The decline of Club America has been evident since the team's last championship, which came under the helm of Mario Carillo during the Clausura 2005 season. The times then were picture perfect; el americanismo was at its splendor and the club, at least for the moment, was back on the throne. Those times are now long gone, as the splendor has disintegrated into turmoil, ambiguity, and depression.
The Americanista fan no longer feels pride to shout, "Soy Americanista en las buenas y en las malas." The malas continue to raise their head every time a match concludes, whether it's a Clasico or just another game. Azteca no longer vibrates to the beat of America’s fans; visiting teams come to La Colonia of Santa Ursula knowing there is a good shot to leave the capital with a positive result.
As the conclusion of the Apertura approaches, America has fallen to the 17th slot of the league table; two losses to end the year could make the club the ugly duckling of Mexican football. America will come to these games sans Angel Reyna and Vicente Sanchez. Reyna’s remarks after the Clasico stirred the team as a whole, but his statements targeting his teammates only showcased America’s delirious circumstance – that the team is in shambles. Sanchez was made team captain by el ma’etro Reynoso, but has lived a nightmare as an America player, not living up to his glorious years as a Toluca assassin on the right flank.
For now it is simple to call out the names of those who have caused this decadence to reach catastrophic levels. Shouting the names of Michel Bauer, Azcarraga (hijo), Lapuente, or Ordiales will not solve the problem. It is now obvious that the team has been treated as a brand and not as a soccer club. The owner seems to be interested in other prevalent things. His concerns are his company, and soccer falls last on that "to do" list.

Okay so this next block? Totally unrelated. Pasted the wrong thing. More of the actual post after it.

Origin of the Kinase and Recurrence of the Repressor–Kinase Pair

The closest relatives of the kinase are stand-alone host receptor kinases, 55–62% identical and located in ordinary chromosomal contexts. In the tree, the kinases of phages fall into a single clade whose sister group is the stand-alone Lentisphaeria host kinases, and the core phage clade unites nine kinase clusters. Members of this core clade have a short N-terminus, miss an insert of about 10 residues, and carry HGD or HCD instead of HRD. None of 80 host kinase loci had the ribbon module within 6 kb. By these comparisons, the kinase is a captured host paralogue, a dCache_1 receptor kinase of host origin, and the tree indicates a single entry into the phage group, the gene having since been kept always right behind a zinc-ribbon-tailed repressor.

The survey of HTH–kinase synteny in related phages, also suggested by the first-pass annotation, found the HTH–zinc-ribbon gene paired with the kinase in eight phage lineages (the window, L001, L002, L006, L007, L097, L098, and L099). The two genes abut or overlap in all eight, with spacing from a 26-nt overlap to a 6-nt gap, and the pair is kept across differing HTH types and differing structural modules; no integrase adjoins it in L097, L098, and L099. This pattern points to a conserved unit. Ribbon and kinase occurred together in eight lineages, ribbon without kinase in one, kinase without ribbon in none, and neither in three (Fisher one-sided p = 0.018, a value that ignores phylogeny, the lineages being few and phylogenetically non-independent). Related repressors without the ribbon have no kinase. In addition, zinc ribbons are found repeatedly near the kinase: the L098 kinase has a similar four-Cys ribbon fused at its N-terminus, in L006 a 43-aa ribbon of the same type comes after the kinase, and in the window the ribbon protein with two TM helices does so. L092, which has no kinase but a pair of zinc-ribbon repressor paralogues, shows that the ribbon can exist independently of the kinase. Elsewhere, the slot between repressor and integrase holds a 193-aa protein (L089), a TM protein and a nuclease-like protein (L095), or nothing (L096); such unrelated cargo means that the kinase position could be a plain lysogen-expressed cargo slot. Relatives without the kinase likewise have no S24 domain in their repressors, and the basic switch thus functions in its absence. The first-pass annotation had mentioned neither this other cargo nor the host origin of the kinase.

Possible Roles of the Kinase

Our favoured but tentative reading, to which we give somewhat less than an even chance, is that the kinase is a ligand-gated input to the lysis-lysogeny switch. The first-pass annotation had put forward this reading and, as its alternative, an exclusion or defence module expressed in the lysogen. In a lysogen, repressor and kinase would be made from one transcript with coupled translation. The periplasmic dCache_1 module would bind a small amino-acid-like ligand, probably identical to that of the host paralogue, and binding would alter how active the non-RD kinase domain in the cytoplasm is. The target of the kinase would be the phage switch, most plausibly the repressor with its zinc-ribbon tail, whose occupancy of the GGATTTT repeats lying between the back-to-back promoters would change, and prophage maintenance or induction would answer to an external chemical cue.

Adding to the misery is the success of America's archrival. On top of the table and living a great moment is Chivas, the team that cruised along at Azteca to an easy 3-1 victory. Chivas is the team trumpeting its young prospects, talented players who feel the jersey’s color and possess a hunger to make it to the big leagues. It is the all-Mexican team with a great reputation around the world – boosted after selling Javier Hernandez to Manchester United, and recently Ulises Davila to Chelsea FC. The archrival has climbed into another dimension, while America tries to gallop its way uphill, blocked by obstacles along the way.
These obstacles must be shattered immediately. Does Club America have the capacity to create good young prospects? Yes. Can the team make better signings? Certainly. Is the team sick and tired of losing? Without a doubt.
Mexican soccer needs America’s renaissance. In a country where violence and uncertainty prevails, Mexican soccer needs its giants to reshape national identity. Soccer serves as an antidote to the country’s illness. A strong America should reawaken el americanismo, which today is sadly in a state of decadence.